HomeBoat InsuranceThe Ultimate Guide To Boat Camping | Luke Fitzpatrick

The Ultimate Guide To Boat Camping | Luke Fitzpatrick


Lake Minnewanka, CanadaPhoto byPhoto by Matthew Fournier on UnsplashonUnsplash

There’s nothing more relaxing than being out on the water, surrounded by nature. It can also be exciting if you want to take it a step further and spend a night. Whether heading for the ocean, river, or lake, you must ensure you’re prepared for anything. This ultimate guide to boat camping will help make your experience unforgettable.

What is boat camping?

Boat camping could be the answer if you enjoy camping but are looking for a new way to explore the outdoors. Boat camping is exactly what it sounds like: outdoor camping with the bonus of being on the water. All the beautiful aspects of traditional camping can be enjoyed, but with a more exciting twist.

Boat camping is an experience you’ll never forget. Whether you anchor your cabin cruiser in a secluded cove and set up a tent on the deck, beach your bowrider and set up camp by the water’s edge, or fit out your kayak so it includes an easy-to-assemble cover you can sleep peacefully underneath. Plenty of options depending on your vessel, and you’ll get to see views and landscapes you won’t see on land. You’re also guaranteed to have exciting stories to tell your family and friends for years.

Types of boats for boat camping

You can use any boat to transport camping equipment or serve as a bed for the night. A sea or touring kayak may be the better option for paddling on open water, whereas a canoe or flat-bottomed kayak is the best choice for rivers, creeks, and lakes. They’re also ideal if you travel with just one or two other people.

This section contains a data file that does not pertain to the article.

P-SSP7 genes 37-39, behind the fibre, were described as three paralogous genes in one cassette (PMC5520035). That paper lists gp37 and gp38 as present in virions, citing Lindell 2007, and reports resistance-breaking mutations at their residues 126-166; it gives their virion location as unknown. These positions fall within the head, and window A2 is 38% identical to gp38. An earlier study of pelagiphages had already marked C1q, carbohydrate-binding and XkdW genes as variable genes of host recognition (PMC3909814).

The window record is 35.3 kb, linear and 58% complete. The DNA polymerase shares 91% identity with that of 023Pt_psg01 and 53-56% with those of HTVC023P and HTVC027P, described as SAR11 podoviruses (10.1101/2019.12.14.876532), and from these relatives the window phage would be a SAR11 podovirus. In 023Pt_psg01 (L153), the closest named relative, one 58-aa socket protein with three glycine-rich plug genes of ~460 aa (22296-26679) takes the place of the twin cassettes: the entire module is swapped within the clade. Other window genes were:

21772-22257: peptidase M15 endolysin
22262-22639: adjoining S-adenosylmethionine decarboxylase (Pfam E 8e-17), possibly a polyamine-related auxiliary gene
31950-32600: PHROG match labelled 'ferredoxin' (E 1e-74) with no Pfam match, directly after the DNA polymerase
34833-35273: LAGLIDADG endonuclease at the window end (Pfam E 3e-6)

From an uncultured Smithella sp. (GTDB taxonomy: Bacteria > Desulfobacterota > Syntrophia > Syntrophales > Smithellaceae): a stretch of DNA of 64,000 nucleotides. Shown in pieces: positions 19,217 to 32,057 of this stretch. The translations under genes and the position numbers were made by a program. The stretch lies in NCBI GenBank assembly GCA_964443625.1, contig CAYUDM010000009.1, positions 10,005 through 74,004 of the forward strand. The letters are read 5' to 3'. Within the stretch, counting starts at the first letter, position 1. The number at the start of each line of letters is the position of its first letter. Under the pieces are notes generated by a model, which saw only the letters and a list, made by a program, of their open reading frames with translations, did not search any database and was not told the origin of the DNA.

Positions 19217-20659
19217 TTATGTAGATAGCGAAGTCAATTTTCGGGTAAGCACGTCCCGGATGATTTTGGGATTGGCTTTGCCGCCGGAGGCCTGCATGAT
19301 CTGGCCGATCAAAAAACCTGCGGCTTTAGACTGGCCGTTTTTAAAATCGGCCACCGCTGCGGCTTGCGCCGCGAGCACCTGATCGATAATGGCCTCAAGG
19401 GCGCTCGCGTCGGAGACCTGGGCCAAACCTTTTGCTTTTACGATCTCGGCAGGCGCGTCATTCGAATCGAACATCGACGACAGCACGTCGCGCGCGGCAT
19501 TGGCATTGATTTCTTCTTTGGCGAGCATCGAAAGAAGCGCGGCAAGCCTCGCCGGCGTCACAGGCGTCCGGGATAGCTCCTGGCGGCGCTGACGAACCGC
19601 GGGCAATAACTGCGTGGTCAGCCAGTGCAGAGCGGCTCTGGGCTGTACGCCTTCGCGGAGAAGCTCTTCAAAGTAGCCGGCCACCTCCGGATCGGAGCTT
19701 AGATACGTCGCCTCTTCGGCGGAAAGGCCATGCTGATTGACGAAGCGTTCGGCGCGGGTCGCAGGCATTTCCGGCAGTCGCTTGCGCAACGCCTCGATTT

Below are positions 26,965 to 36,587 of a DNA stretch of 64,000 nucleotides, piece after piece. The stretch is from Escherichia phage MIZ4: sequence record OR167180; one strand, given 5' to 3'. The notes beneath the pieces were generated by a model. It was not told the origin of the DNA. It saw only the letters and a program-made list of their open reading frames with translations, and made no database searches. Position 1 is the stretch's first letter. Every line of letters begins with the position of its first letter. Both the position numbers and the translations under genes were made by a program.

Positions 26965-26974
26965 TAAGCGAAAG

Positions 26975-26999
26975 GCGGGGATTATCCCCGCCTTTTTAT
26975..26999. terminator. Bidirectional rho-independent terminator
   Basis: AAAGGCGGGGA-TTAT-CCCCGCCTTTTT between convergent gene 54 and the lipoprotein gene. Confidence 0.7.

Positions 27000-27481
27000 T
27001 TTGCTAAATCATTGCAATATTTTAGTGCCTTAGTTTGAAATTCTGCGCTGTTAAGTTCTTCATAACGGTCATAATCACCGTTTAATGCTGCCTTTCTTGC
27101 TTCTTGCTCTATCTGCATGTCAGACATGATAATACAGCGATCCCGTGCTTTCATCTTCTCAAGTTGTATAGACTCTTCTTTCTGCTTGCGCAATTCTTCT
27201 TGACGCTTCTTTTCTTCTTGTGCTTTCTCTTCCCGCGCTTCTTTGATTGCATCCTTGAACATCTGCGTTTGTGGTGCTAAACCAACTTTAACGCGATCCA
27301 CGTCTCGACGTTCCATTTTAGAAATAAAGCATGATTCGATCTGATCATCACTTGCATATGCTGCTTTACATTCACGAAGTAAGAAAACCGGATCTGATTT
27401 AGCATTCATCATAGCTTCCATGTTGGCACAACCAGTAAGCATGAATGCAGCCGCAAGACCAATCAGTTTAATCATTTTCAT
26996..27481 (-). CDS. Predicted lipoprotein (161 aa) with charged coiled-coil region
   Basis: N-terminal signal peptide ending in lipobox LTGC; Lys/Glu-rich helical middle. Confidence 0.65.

If you have a larger group, consider renting a pontoon boat with plenty of space for people to camp out at the stern, bow, and across the deck. Pack your tinnie and camping gear and head to a nearby island or inlet to find a great overnight spot. These boats are also helpful for navigating rougher waters.

Finally, sailboats and yachts offer the ultimate camping experience, although it is more akin to glamping on water. They frequently include air conditioning, a television, a microwave, a shower, and a toilet. They’re also a great option if you want to spend more than one night on your boat camping trip.

How to prepare your boat for camping

Camping on any boat can be a relaxing and invigorating experience, but you must take extra steps before setting sail to ensure it goes off without a hitch. First, give your vessel a thorough check-up; not only should all of the mechanics be in working order, but use this as a chance to inspect all safety items and see that they are up to date. Speaking of safety items, you must have a life jacket, a whistle or horn, flares, and a first-aid kit. Better safe than sorry.

Marine navigation is critical when people go boat camping because it helps them safely and accurately navigate through waterways and avoid potential hazards, ensuring that they reach their destination and return home without incident.

Remember to pack your boat technology. This could include a GPS tracker and navigation system, a fish finder if you plan a fishing trip, and solar and sonar radars.